Gusts and Gales in Clatsop County

Coastal residents are chatty this time of year when the winds start to blow and the rains fall in waves. They start to recall when the last storm hit and compare precipitation and sneaker waves. Stories come rolling out and a sense of place arises. Clatsop and nearby counties have weathered these events and come out on the other side with tales to tell.

In one event, a 75- mile an hour wind hit the Oregon coast on February 9, 1948. It was troublesome for residents of Clatsop county on land, but especially tragic for boaters out during the storm. According to the Astorian Evening Budget newspaper, two o’clock brought windy weather, clocking winds at 30 mph. By 5:00pm the winds accelerated to 54 mph and reached 75 mph by evening. The Fearless fishing boat was on a trip off Tillamook Rock that evening and took a hard hit. The conversation between the men aboard and the USCG Cutter Balsam that eventually helped her ashore was recorded and published in the paper. “It looks like a shower bath coming into our engine room,” the captain reported at one point to illustrate their dire straits, but he promised, “I’m not going to start swimming until I have to.” Another boat, a skiff of a pilot schooner capsized with three men aboard. “There’s a big one,” Peter A. Anderson was remembered as noting before the boat flipped and he was drowned before rescue could arrive.

After the 1962 Big Blow, downed trees were a draw for beetles and had to be cleared as soon as possible.
Photo credit: United States Department of Agriculture

The Big Blow hit Oregon hard in the fall of 1962. According to the Oregon Encyclopedia, winds damaged buildings and powerlines, causing outages for weeks in some cases. The day began with a weather report of, “Cloudy with showers,” wrote Ellis Lucia in The Big Blow. According to the author, the combination of the tail of Typhoon Freda and a cold stream hitting a warm moist current wreaked havoc on the states of California, Washington, and especially Oregon. A Red Cross survey notes that 84 Oregon homes were completely destroyed and over 50,000 others were damaged in the storm. The winds also took a toll on forests in the Pacific Northwest as well, taking down as many trees as the Tillamook fire of 1933. One arboreal casualty close to home was the The Clatsop Fir. Lucia explains that it was the world’s largest fir and an elderly specimen. Approximately 1,000 years old, the tree toppled a few weeks after the Columbus Day event in a windstorm, it’s root structure weakened in the Big Blow.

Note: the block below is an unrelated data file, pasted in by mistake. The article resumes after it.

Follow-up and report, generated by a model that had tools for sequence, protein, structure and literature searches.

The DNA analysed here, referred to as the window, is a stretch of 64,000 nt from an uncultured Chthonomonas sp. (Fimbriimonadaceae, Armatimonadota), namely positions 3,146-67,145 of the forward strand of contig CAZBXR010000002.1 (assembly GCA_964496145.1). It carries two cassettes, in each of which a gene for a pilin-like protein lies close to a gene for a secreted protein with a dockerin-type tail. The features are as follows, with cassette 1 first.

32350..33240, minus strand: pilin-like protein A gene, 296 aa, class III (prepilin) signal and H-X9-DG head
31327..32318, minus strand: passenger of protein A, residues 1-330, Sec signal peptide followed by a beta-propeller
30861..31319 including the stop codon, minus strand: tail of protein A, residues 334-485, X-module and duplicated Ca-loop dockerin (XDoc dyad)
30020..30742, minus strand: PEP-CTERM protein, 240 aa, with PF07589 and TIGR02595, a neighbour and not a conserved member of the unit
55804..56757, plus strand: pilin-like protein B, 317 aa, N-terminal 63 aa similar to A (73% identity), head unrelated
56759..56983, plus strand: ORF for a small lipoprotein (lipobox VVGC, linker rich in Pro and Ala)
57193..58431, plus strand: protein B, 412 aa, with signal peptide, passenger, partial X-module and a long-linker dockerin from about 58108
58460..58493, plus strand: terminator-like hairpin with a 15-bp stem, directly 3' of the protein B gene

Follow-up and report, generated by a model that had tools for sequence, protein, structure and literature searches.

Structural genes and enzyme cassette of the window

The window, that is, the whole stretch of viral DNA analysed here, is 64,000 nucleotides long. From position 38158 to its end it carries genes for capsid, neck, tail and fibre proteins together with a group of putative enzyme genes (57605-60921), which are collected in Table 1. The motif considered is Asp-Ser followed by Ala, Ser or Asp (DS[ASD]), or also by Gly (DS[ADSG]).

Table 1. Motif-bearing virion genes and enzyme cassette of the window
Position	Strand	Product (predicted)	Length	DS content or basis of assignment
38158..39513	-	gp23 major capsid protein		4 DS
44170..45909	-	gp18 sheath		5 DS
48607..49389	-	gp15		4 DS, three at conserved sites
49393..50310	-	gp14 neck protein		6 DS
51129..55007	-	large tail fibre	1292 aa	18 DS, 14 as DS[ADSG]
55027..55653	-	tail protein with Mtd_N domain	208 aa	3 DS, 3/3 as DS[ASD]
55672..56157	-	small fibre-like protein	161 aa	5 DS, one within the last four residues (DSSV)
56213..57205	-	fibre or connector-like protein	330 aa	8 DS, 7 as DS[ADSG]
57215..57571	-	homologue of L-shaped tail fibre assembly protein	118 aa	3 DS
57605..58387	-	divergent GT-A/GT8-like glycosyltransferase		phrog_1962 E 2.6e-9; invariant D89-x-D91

Most deliberated is the ‘Great Coastal Gale’ of 2007. According to the NOAA National Data Buoy Center, this series of winter storms was the first to ever precipitate a hurricane warning on the Oregon coast. Winds and snow followed by six long hours of rain and warmer weather culminated in flooded streets and stranding. Thirty hours of hurricane force gusts later, the storms were over, but the troubles were not. Vernonia was completely cut off due to blocked roads and downed lines and the whole county was at a standstill. Police officers and other officials in town worked 12 hour shifts to meet the needs of community members. From this storm, officials have added to their preparation tool belt and through all the gales and gusts, Oregon residents have been reminded the importance of being ready for anything.

The railroad along the Nehalem River was washed away during the 2007 storm. This caused the Tillamook County freight rail to be shutdown. Photo credit: Clatsop Emergency Management Division

The Clatsop County Emergency Management Division (EMD) has been here through it all. This department is tasked with planning for emergencies and organizing efforts when an event occurs. Outreach and education are also a part of the responsibilities of Tiffany Brown, Emergency Services Manager and Vincent Aarts, Emergency Management Coordinator.

The division has an Emergency Operations Center set up at Camp Rilea in preparation for a severe weather event. Here they can coordinate efforts for rescue and support for the county, but Vincent Aarps says county residents should start to prepare themselves as well. “The more ready we are, the more able we are to help each other,” he explains, which in turn allows the emergency systems to focus on cases where they are needed the most.

Vincent says having a two week supply food and water is a great start for families when preparing. Two weeks may sound daunting, but it is easier than you think, Vincent explains. Most people have some camping or outdoor gear in their homes, it is just a matter of cataloging and bringing materials together, possibly by using an old backpack or picking up a few essentials from a secondhand store. Water is an obvious necessity in an emergency, but for a family of five, the standard of five gallons a day for two weeks is cumbersome. Instead, Vincent recommends storing a device to filter water if you don’t have the space. Other essentials include warm waterproof clothing, emergency blankets, flashlights and whistles. Being prepared physically helps residents to feel mentally prepared. “It takes a lot of stress off an uncomfortable situation,” Vincent says.

With what Vincent calls, “An extraordinary natural disaster profile,” in Clatsop County, it is best to be prepared. The Emergency Management Division presents information and risk factors to local groups to help residents know what steps to take in an emergency. Contact with requests.



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